Anaconda incorrectly overwrites the $HOST variable which seems to be caused by this anaconda bug. It exports x86_64-conda_cos6-linux-gnu as the HOST. This probably occurs only when ran inside .bashrc to initialize the terminal. Simply exporting localhost as the host, mostly fixes it e.g.:

# >>> conda initialize >>>
# !! Contents within this block are managed by 'conda init' !!
__conda_setup="$('/home/kmourat/anaconda3/bin/conda' 'shell.bash' 'hook' 2> /dev/null)"
if [ $? -eq 0 ]; then
    eval "$__conda_setup"
    if [ -f "/home/kmourat/anaconda3/etc/profile.d/conda.sh" ]; then
        . "/home/kmourat/anaconda3/etc/profile.d/conda.sh"
        export PATH="/home/kmourat/anaconda3/bin:$PATH"
unset __conda_setup
# <<< conda initialize <<<

export HOST=localhost

But is there a more appropriate way to do this? Something like "re-running" the /etc/hosts?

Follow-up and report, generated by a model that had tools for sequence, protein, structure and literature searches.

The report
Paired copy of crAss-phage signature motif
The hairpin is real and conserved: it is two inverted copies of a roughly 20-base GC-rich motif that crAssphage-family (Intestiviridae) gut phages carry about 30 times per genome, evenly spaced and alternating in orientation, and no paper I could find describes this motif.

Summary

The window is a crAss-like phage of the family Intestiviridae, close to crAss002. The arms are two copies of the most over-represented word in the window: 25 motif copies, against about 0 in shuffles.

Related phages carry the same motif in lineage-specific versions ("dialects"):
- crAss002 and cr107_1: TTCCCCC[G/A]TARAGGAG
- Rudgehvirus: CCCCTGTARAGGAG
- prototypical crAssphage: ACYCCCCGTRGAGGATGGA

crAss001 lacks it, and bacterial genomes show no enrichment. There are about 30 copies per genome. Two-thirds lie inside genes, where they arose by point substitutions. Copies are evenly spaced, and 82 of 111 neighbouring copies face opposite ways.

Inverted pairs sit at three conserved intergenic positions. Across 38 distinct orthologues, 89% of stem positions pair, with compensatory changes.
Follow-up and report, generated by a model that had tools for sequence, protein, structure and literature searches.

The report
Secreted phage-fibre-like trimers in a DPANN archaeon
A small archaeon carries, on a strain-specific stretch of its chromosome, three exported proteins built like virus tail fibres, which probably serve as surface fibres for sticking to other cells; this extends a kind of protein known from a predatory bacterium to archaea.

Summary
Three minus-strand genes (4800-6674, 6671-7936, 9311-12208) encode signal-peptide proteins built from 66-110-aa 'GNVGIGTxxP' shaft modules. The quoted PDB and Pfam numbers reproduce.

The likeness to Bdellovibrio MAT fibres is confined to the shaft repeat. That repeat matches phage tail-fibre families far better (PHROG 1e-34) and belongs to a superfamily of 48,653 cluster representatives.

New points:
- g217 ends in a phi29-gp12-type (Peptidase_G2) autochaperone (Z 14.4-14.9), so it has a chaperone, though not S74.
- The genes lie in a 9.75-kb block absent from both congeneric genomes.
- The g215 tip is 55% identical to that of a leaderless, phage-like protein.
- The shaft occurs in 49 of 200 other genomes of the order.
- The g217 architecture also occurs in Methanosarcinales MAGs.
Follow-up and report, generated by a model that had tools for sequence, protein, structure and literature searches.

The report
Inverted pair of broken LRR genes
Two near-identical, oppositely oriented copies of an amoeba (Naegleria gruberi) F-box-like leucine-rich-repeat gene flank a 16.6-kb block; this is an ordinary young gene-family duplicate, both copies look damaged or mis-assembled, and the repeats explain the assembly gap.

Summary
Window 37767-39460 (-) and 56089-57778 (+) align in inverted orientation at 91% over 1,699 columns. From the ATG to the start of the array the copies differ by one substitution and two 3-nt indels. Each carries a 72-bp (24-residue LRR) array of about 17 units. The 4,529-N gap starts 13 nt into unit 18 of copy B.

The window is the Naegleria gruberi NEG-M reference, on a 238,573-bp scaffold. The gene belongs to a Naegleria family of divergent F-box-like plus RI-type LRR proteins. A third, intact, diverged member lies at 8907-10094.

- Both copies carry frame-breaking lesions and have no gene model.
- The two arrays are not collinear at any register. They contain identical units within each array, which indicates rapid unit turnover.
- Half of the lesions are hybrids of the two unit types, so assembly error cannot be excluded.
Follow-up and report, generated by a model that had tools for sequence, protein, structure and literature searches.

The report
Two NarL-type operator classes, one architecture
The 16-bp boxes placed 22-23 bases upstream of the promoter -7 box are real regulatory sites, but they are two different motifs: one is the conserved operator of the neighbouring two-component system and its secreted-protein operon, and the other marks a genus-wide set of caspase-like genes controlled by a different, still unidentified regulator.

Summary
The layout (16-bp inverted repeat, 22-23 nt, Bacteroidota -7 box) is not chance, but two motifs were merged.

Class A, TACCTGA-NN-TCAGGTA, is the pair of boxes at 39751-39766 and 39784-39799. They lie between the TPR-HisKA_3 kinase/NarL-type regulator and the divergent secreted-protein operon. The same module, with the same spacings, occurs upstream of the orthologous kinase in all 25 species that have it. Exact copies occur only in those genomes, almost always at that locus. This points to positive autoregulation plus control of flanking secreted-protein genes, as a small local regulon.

(This came out when running npm start for a react app and it opened a browser window at http://x86_64-conda_cos6-linux-gnu:3000/ instead of http://localhost:3000/)

  • export HOST=$(hostname) maybe? – steeldriver Jun 13 at 17:27
  • If anaconda's init messes with other environment variables from /etc/hosts does this fix reset them as well (some side-effect maybe?), or it just changes the HOST? Edit: It seems it doesn't, only overwrites the host variable, which doesn't seem better to me as localhost ends up not pointing to same place as $hostname. – Kostas Mouratidis Jun 14 at 5:04
  • Save the value of $HOST before running anaconda in another variable (e.g. $hosttemp) and reassign it afterwards. – noeppi noeppi Jun 14 at 18:25
  • The old host only holds "localhost", but I guess this is the correct answer. Even more so since it is simple, and it seems too tedious to check all variables for side-effects. – Kostas Mouratidis Jun 14 at 18:50

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